The expanse of a manicured lawn rolled out as a carpet to Hampton Court.

Lancelot Brown attempted to share his vision of the property. How could he quite explain to Hannah Moore?

“‘Now there’ said he, pointing his finger, ‘I make a comma, and there’ pointing to another spot, ‘where a more decided turn is proper, I make a colon; at another part, where an interruption is desirable to break the view, a parenthesis; now a full stop, and then I begin another subject'”, Moore captured their exchange.

He could see a story of the earth; he could see its capabilities. In fact, England came to know him as “Capability” Brown.

Across many grounds he galloped for an all encompassing view. His thumbprint, pressed upon gardens, lakes, and architecture.

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Most featured, perhaps, is his artistry at Stourhead Garden, Wiltshire. Or, as you may be more familiar, the location of Mr. Darcy’s first proposal in Pride and Prejudice (2005).  

His view of nature was deeply shared by impressionist Claude Monet. The artist pressed broad strokes upon canvas and left the world with ethereal bouquets.

Among interesting facts of Monet’s life, his personal garden at Giverny certainly ranks high.

The year of 1890, he invested in property. It was then that he created his own landscapes. Gardens on the land were each individually designed by Monet himself. . . the flowers, the lighting.

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He felt most alive there and surely would have agreed with British horticulturist Gertrude Jekyll. For as she wrote, “The lesson I have thoroughly learnt, and wish to pass on to others, is to know the enduring happiness that the love of a garden gives.”

By way of Jekyll’s designs endurance was indeed key.

Garden Collage’s Lessons From Gertrude Jekyll, Then and Now explained how, “She often planted poppies next to [baby’s breath]for example, so that when the poppies died back, the [baby’s breath] would rise up and bring new life to the land.” Her signature collage of color and texture unfurled in each of her 400 gardens from England and Europe to the United States.

 

 

 

8 comments

  1. Some of my favourite childhood memories involve the garden. My mom loved flowers, and during the summer, when I was out of school, we would go out every morning and “tour” the garden — often still in our nightgowns! Her mother was an absolute marvel with gardening. Each year, she had the tallest gladiolus (my favourites) lining the side of her house, most of them a few inches taller than I was. One of my grandmother’s closest friends also had a beautiful garden, and as a child, there was never a time the three of us went to visit her that I didn’t leave with a bouquet of pansies. Three lovely ladies (all passed on now) that had a passion for pretty flowers, helped instill in me an appreciation of God’s floral beauty that I think also helped inspire me to become an artist. Now I just wish I had more time to devote to my OWN garden!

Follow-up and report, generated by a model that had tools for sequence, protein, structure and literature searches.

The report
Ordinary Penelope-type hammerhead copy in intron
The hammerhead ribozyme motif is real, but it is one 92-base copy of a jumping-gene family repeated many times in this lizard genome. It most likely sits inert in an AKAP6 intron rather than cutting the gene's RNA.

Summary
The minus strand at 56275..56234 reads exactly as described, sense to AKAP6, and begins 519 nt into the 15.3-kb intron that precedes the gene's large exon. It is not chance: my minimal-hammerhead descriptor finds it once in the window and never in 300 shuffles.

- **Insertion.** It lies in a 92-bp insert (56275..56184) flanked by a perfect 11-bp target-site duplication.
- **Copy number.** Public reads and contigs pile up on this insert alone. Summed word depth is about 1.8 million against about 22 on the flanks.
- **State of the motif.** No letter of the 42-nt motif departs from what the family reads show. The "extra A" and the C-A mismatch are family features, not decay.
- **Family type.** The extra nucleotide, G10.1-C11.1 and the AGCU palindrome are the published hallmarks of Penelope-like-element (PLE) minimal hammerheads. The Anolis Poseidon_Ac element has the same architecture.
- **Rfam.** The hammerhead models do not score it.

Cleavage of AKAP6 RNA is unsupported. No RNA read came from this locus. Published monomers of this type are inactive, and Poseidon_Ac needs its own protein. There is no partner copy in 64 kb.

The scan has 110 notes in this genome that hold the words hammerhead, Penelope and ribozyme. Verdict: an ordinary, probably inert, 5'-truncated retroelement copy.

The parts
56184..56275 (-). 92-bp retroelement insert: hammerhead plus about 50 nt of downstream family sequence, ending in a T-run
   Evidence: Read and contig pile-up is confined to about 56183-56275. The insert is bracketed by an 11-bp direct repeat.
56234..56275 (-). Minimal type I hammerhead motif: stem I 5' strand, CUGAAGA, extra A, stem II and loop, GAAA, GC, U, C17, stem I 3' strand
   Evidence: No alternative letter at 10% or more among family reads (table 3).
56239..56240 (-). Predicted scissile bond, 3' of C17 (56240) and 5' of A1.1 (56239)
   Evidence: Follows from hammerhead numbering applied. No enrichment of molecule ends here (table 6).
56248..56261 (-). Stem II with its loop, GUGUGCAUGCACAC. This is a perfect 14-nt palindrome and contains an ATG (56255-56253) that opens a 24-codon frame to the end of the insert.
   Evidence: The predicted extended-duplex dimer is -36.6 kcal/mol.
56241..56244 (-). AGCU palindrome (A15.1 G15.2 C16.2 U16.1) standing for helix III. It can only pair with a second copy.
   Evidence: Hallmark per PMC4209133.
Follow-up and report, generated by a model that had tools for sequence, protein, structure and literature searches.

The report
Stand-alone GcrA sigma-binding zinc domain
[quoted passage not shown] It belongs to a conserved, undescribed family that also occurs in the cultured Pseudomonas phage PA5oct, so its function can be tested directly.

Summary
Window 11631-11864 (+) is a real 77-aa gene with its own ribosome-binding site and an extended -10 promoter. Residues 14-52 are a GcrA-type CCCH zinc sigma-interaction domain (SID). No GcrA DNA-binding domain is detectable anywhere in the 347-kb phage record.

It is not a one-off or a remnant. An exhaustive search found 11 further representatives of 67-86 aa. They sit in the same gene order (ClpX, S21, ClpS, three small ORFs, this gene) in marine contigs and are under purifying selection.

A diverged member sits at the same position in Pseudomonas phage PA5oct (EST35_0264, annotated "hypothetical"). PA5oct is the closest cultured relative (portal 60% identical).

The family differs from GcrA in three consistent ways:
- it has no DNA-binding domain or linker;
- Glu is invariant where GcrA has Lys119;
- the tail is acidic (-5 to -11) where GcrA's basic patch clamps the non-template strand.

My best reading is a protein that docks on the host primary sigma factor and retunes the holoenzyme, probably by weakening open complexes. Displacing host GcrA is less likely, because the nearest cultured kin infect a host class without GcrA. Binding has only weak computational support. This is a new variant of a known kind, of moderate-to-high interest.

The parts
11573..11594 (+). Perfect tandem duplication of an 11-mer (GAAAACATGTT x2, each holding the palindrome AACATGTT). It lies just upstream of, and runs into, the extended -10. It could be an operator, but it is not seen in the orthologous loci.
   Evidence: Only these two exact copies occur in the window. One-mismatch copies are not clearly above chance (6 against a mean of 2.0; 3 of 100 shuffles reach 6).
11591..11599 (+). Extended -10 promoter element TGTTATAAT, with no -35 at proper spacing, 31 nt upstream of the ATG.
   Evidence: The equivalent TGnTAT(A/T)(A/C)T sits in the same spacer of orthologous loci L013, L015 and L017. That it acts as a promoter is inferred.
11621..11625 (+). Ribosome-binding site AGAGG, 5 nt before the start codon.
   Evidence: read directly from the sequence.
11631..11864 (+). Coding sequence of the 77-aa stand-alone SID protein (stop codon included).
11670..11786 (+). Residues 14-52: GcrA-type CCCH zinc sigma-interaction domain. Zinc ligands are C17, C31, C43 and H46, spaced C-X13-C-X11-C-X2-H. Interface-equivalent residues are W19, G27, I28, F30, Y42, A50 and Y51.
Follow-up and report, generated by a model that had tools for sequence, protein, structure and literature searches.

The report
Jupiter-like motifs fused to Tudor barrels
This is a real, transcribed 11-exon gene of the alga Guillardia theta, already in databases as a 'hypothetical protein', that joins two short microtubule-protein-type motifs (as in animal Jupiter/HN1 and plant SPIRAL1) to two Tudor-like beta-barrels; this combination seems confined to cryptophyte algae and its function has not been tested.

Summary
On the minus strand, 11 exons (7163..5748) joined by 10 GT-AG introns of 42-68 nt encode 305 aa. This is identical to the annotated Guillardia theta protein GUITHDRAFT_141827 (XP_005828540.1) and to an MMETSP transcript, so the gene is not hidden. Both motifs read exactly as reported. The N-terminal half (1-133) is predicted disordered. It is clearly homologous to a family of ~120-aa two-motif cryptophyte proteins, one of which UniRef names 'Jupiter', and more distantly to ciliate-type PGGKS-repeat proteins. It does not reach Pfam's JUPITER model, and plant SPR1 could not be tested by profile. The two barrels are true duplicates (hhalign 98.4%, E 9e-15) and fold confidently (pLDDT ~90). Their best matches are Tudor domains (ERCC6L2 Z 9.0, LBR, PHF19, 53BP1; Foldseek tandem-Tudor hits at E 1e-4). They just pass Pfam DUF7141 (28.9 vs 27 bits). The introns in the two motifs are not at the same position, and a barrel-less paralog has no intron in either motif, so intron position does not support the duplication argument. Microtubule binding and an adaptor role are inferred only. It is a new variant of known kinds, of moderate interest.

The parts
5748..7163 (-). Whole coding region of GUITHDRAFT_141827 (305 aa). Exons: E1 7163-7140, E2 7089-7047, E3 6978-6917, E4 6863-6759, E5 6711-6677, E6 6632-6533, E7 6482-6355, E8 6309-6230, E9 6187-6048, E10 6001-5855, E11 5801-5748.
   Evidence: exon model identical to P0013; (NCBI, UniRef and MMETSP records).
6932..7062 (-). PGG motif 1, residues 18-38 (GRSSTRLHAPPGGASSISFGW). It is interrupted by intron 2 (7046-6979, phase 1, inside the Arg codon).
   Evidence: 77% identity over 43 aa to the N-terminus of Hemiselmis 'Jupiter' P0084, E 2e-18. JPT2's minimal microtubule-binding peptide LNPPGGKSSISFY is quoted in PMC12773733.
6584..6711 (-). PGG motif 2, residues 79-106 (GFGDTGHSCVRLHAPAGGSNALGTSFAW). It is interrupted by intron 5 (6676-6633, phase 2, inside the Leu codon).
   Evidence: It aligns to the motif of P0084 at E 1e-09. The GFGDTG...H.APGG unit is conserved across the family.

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  2. Gardening has been a slow process for me; only now in my sixties, have I found the time to start creating the garden I long for. I was raised by gardeners. My grandma Alma had a vegetable garden next to her little home, full of wonderful, colorful vegetables like squash with the big green leaves. But my mother lived to have her hands in the dirt! Every free moment found her outside, meticulously tending her plants and flowers. Living in apartments the first 10 years of marriage, I never had a yard to tend. When I did, our children were young and they became my full time focus. Now, retired, blessed with a darling little cottage, I am able to create an English Cottage Garden~ A new and exciting endeavor for me!
    Thank you for the lovely blog! I relish reading each new entry. And thank you for the opportunity to purchase such lovely things through the years. A long time fan of VTC, Denise Parker

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    1. Denise, your message was so rich with description and feeling that we could near smell the earth of the garden. If heart could make a for blooms, surely you’d have spring yearlong.

      How good it is you know have one to tend! We wish you all the best–though we doubt you need it as green thumbs seem to run in your family. Do give us an update should you be able to pull yourself away.

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